March – May 2019 Developed outline for certification program manual.
  • Manuals for organic and grassfed beef certification programs were researched and informed development of a program manual for Maine certified animals and products.
  • Key components of the manual included organizational structure, governance, requirements for certifying animals, value-added products and for the certifying entity.  
  • The Advisory Committee met in person in May to edit language.
June – August Input on draft manual.
  • The draft manual was shared with stakeholders including MOFGA Certification Services LLC, the Maine Dept. of Agriculture, and farmers for input.
  • The Advisory Committee met in person in August to work through further edits.
Sept. – Oct. Draft Manual Finalized and shared with stakeholders.
  • Draft manual language was finalized.
  • Activities needed to develop and implement a pilot were identified, along with potential funding sources.
  • The Advisory Group met with representatives from Maine Department of Agriculture and Maine Farm Bureau to share the manual, provide updates on the project and discuss how the certification program may work with the new state labeling law for Maine meat.
Research results and discussion:

USDA Third-Party Programs that Verify Source

  • We learned that there are two types of USDA source and age verification programs that producers can use to verify the source of their meat products in order to make a special label claim such as “Maine born, raised and processed.” These are the Process Verified Program (PVP) and Quality System Assessment (QSA) Program. Information is attached that compares both programs.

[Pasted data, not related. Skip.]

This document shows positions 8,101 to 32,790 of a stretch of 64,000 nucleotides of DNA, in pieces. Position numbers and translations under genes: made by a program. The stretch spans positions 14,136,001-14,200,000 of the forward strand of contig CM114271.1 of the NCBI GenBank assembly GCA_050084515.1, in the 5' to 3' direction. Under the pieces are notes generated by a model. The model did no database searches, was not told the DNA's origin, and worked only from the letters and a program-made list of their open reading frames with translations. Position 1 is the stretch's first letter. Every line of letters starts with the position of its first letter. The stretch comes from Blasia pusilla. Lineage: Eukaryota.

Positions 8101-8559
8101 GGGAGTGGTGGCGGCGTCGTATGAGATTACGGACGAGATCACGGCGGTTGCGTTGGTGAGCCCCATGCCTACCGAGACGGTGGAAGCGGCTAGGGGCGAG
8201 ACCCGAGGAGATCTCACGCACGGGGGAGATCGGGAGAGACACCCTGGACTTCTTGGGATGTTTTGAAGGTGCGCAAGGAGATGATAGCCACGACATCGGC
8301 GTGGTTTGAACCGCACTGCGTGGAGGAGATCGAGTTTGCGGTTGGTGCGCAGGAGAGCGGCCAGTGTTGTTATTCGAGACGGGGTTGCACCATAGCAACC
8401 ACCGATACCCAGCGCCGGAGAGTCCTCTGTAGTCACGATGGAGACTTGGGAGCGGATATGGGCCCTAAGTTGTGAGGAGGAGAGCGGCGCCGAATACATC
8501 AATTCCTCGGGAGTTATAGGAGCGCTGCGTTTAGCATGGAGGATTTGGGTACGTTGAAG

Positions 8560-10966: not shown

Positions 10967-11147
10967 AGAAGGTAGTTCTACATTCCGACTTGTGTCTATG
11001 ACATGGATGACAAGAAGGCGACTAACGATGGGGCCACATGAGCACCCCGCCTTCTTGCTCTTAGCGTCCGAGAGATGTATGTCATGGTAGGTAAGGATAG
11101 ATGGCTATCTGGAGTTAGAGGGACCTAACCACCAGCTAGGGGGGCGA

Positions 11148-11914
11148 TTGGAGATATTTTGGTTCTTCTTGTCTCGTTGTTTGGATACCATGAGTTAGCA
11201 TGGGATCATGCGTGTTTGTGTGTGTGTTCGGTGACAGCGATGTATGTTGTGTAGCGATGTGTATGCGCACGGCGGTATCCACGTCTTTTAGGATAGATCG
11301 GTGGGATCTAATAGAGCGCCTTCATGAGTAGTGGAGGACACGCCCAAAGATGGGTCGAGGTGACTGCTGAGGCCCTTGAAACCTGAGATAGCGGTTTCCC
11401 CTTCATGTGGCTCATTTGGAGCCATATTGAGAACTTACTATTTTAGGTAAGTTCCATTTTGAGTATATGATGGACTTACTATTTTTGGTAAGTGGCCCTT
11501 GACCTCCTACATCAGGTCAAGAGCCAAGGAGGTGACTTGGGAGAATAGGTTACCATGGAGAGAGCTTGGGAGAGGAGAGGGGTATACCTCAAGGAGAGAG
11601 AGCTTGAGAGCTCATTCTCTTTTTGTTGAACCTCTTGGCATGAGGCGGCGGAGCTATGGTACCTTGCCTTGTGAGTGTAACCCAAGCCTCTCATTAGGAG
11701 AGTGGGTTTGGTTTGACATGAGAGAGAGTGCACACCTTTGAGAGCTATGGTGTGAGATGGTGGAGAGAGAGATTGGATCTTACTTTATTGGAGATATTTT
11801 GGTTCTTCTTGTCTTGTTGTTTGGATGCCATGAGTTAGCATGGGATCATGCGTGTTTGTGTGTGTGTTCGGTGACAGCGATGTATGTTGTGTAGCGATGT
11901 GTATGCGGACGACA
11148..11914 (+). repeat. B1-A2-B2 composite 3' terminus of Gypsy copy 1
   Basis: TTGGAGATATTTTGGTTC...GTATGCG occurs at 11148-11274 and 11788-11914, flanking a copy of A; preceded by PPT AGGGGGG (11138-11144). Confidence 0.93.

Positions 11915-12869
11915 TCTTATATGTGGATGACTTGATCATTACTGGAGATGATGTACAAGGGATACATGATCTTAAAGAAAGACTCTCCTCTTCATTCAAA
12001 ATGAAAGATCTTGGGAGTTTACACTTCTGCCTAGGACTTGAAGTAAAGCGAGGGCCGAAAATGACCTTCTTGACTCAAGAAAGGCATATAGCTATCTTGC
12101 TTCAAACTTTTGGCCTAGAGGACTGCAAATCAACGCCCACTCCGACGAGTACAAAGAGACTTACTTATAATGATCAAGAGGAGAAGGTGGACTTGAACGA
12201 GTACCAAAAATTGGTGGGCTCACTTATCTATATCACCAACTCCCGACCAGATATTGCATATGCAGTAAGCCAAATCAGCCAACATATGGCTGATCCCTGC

• Several states west of the Mississippi promote “local” meat brands by either operating their own source verified programs (North Dakota) or by contracting with Samson Inc., a third-party certifier for process verified beef products (Wyoming and Nebraska).
  • A detailed comparison of information on three third-party certifier programs is attached.

Labeling for Meat Products

  • A label or logo that indicates that a meat product is “Born, Raised and Processed in Maine” would be considered a “special claim” and would require a process for verifying the claim for both the farm and processor.
  • Individual farms could make this claim if they have a state- (and a federal if selling out of state-) approved process in place for verifying the claim.  This could be as simple as an affidavit however one of the reasons for this project is to create a tighter tracking system since the perception exists that affidavits are open to exploitation.
  • Alternately (or in conjunction with individual farms that implement traceability), a state certification program for “Maine Born, Raised and Processed” meats could exist and certify farms willing to pay a fee to participate and to implement the necessary tracking measures.
  • The label approval process and protocols required for special claims on meat sold in and out of state are essentially the same but different paperwork is submitted to both the state and federal agencies.  The federal agency that approves special label claims is the USDA Food Safety and Inspection Service (FSIS).

Need for a Third-Party Certification Program for Maine Meat